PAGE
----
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  1. #1
    Senior Member cyclezealot's Avatar
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    Repair crank on cheap bike

    Took my Nishiki Sport(spent the least money on my hybrid, of my 4 bikes.) Took to my favorite bike shop. They told me crank is a 'unified,' crank; can't change out chain rings. Shimano 100 GS. Crank is aluminum and teeth are worn. Need to change chain. Bike costs about $450 new in about 1994. Crank costs over $100. Is it worth the repair.? Do I have to pay that much for a new crank.? Any suggestions?

  2. #2
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    I believe the GS 100 is no longer made; An "Alivio" FC-MC20 triple 22/32/42 shouldn't cost more than $50.00.
    A "Sora" FC3303 triple Road crank 30/42/52 shouldn't be over $70.00.
    These are Shimano cranks. Don't forget to add labor to these prices.

    Whether it is worth the repair depends on how much you like this bike. Is it your favorite, or does it sit around most of the time? You have to make that decision.
    Last edited by ljbike; 12-12-01 at 11:19 AM.
    ljbike

  3. #3
    NCAA - DUAL CHAMPIONS! a2psyklnut's Avatar
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    Check out eBay for some deals. You can get "new" or barely used premium cranks for about $50-75. I would suggest getting a new bottom brackett as well (due to the age of your bike). If you're replacing the cranks, it would be safe to bet you need a whole new drivetrain as well. (cranks, cassette, chain), this can get expensive all at once, but will probably be the case! Cranks @ $50, bottom brackett @$25, new chain @ $18, new cassette @ $30. adds up to about $123.00 seems like a lot, but cheap considering how much maintenance on a car would cost.

    To keep things simple, get some new cranks with the same size (#) chainrings. A 42/32/22 is pretty standard, but there are many variations, so count yours and buy the same!

    Of course, you'll have to do the work yourself or pay someone to do it for you. Maybe a cycling friend would do it for a 6-pack and teach you at the same time!

    Also, you'll need a couple of special tools to do this including a crank puller, bottom brackett tool and a chain breaker! This is where the friend with tools comes in handy!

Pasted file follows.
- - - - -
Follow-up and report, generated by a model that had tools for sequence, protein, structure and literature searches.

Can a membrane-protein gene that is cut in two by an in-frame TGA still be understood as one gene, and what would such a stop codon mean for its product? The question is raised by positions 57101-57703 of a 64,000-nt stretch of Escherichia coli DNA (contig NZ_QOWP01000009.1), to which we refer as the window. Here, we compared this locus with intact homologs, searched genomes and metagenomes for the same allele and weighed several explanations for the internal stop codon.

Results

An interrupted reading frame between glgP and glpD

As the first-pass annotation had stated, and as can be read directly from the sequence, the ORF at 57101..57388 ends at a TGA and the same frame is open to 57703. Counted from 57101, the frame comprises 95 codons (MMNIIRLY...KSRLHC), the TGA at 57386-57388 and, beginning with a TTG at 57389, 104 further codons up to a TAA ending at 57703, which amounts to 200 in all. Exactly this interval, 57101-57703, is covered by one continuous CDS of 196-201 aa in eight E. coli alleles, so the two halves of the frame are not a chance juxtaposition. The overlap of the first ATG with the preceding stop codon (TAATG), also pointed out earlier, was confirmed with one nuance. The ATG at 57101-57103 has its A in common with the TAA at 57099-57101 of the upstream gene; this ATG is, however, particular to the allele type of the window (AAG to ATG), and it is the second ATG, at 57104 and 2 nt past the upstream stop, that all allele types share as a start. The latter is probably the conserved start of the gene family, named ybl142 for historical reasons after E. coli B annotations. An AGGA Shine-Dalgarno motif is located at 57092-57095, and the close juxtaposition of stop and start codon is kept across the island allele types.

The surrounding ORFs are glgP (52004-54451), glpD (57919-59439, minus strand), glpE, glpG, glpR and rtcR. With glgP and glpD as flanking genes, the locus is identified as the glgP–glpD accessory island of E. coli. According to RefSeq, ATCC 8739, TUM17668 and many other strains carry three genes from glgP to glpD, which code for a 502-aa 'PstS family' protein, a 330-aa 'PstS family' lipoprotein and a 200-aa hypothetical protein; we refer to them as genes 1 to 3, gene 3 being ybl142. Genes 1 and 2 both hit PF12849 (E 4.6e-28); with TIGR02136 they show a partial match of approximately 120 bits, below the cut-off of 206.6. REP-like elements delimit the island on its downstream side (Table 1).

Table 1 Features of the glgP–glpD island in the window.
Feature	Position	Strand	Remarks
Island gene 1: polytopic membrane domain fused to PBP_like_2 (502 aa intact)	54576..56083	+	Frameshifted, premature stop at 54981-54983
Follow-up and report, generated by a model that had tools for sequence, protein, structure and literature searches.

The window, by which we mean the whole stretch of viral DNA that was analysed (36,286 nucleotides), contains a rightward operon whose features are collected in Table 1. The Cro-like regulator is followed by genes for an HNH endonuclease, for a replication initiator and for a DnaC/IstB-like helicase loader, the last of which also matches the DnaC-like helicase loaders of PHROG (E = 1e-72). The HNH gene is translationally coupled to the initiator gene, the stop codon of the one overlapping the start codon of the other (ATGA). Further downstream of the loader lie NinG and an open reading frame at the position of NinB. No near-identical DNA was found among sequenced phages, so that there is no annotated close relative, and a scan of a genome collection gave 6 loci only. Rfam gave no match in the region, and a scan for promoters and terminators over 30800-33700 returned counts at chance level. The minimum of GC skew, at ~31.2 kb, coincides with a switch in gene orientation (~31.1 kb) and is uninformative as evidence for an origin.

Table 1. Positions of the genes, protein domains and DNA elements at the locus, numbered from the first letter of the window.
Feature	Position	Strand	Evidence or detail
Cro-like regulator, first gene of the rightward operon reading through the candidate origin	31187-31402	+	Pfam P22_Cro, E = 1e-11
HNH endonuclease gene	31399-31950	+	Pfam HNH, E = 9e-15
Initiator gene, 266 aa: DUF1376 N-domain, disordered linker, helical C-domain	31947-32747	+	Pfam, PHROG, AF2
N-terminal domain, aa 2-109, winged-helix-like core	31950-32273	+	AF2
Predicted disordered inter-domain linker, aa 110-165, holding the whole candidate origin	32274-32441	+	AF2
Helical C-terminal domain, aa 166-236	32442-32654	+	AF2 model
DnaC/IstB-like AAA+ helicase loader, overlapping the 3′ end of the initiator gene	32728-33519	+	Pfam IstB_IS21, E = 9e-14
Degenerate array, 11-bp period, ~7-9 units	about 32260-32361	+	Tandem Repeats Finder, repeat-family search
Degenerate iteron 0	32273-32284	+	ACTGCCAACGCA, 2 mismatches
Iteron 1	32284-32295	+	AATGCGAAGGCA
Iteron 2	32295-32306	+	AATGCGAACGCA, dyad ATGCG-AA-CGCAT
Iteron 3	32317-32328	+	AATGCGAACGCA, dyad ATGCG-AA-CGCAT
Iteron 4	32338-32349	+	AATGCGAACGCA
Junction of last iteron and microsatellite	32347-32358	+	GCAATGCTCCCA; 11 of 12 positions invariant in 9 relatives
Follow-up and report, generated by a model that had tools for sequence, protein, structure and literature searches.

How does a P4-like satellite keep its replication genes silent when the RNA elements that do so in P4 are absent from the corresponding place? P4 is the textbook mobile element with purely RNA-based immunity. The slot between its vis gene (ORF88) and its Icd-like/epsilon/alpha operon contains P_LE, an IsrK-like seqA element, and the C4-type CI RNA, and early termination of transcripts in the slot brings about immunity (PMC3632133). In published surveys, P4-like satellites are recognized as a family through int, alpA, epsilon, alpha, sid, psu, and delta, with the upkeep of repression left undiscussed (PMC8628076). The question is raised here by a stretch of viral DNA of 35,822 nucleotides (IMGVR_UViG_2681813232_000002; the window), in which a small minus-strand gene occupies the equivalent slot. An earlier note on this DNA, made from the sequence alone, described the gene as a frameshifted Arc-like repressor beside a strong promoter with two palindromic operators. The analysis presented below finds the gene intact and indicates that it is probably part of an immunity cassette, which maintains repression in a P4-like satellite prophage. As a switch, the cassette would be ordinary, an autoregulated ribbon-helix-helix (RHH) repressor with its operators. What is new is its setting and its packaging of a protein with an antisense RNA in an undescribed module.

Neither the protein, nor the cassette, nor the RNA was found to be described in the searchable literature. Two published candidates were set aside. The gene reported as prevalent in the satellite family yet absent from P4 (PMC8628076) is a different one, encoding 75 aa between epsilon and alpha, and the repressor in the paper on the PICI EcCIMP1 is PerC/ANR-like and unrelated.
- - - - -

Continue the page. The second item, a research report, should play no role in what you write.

Yeah, I know you're not made of money. Me either! I just buy tools as I need them, and learned as I went. Pretty soon, I had a full set of tools and a lot of friends needing help with their repairs. Read, ......a lot of free beer, and good times that go along with the sharing of those beers!

    Good luck and if you go the "do it yerself" route let us know and we'll help out any way we can!

    L8R
    "Life is not a journey to the grave with the intention of arriving safely in a pretty and well preserved body, but rather to skid in broadside, thoroughly used up, totally worn out, and loudly proclaiming, "WOW, What a Ride!" - unknown
    "Your Bike Sucks" - Sky Yaeger

  4. #4
    Mr. Cellophane RainmanP's Avatar
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    By "unified" does that mean the chainrings are riveted on? But the crank arms are removable? I recently got a lightly used Shimano 48-38-28 crankset on ebay for $25. As long as the bb has square taper spindle you don't need to replace it unless it is shot. Definitely overhaul it now since you have to remove the crank arms anyway. I addition to the crank puller and crank bolt wrench (I got both in one from I believe Nashbar for either $12 or $15. Lifu brand. Works great.), you will need a bb hook spanner to remove the bb lockring. Spend a few bucks to get the Park with three "teeth" to engage the notches.

    I assume the bike has 7 or fewer cogs in back. As long as that is the case, you don't really need to change anything but the crank.